, IEEE TRANSACTIONS ON BIOMEDICAL ENGINEERING, Vol: 69, Pages: 3389-3396, ISSN: 0018-9294
  • Journal article
    Caillet A, Phillips ATM, Farina D, Modenese Let al., 2022,

    Mathematical relationships between spinal motoneuron properties

    , eLife, Vol: 11, ISSN: 2050-084X

    Our understanding of the behaviour of spinal alpha-motoneurons (MNs) in mammals partly relies on our knowledge of the relationships between MN membrane properties, such as MN size, resistance, rheobase, capacitance, time constant, axonal conduction velocity and afterhyperpolarization period. We reprocessed the data from 40 experimental studies in adult cat, rat and mouse MN preparations, to empirically derive a set of quantitative mathematical relationships between these MN electrophysiological and anatomical properties. This validated mathematical framework, which supports past findings that the MN membrane properties are all related to each other and clarifies the nature of their associations, is besides consistent with the Henneman’s size principle and Rall’s cable theory. The derived mathematical relationships provide a convenient tool for neuroscientists and experimenters to complete experimental datasets, to explore relationships between pairs of MN properties never concurrently observed in previous experiments, or to investigate inter-mammalian-species variations in MN membrane properties. Using this mathematical framework, modelers can build profiles of inter-consistent MN-specific properties to scale pools of MN models, with consequences on the accuracy and the interpretability of the simulations.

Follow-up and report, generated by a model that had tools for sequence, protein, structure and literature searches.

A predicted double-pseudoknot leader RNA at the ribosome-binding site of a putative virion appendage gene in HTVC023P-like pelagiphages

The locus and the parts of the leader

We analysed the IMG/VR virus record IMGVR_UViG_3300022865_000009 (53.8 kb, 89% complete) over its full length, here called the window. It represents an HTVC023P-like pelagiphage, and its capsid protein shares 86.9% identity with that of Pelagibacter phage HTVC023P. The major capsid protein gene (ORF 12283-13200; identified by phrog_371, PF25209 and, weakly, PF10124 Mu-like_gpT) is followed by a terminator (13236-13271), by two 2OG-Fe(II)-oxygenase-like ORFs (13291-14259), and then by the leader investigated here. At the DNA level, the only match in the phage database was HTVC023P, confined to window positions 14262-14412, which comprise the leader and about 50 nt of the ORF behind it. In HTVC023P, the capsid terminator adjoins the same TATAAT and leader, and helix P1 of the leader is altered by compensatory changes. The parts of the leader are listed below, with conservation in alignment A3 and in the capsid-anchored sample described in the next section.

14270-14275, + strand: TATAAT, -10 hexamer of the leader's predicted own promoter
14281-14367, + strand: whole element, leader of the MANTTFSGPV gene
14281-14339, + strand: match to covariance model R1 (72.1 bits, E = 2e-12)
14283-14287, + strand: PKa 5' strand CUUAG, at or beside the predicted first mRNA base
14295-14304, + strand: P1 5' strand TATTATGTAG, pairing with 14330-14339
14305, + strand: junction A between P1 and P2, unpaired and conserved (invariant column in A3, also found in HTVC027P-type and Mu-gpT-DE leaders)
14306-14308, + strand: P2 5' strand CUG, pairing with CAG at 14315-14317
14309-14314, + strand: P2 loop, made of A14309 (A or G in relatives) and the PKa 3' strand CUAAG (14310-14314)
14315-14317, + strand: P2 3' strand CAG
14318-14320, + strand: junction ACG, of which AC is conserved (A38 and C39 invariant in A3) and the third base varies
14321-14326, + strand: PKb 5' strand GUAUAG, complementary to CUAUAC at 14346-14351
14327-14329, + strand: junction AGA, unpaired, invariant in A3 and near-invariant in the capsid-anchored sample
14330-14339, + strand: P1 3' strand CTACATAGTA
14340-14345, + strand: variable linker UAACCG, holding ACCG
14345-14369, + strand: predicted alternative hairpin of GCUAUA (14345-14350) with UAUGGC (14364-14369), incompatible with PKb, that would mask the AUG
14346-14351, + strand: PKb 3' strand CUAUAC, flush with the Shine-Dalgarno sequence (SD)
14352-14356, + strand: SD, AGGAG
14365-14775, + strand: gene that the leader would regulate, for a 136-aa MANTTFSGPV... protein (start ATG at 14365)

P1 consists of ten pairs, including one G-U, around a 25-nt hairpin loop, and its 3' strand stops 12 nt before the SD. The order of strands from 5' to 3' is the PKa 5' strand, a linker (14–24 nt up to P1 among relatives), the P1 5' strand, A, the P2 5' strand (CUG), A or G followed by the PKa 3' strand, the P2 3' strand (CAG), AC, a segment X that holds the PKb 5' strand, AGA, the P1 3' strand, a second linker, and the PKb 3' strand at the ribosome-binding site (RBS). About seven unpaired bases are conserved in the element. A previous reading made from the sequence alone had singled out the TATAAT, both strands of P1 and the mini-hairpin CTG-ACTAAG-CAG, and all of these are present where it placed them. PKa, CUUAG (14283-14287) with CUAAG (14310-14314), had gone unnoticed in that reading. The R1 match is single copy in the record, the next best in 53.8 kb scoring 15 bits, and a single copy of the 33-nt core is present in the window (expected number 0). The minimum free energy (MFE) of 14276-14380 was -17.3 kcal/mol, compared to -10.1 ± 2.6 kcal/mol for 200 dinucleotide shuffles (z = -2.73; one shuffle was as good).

• Journal article
    Lubel E, Sgambato BG, Barsakcioglu DY, Ibanez J, Tang M-X, Farina Det al., 2022,

    Kinematics of individual muscle units in natural contractions measured <i>in vivo</i> using ultrafast ultrasound

  • Journal article
    Del Vecchio A, Jones RHA, Schofield IS, Kinfe TM, Ibáñez J, Farina D, Baker SNet al., 2022,

    Interfacing motor units in non-human primates identifies a principal neural component for force control constrained by the size principle

    , The Journal of Neuroscience, Vol: 42, Pages: 7383-7399, ISSN: 0270-6474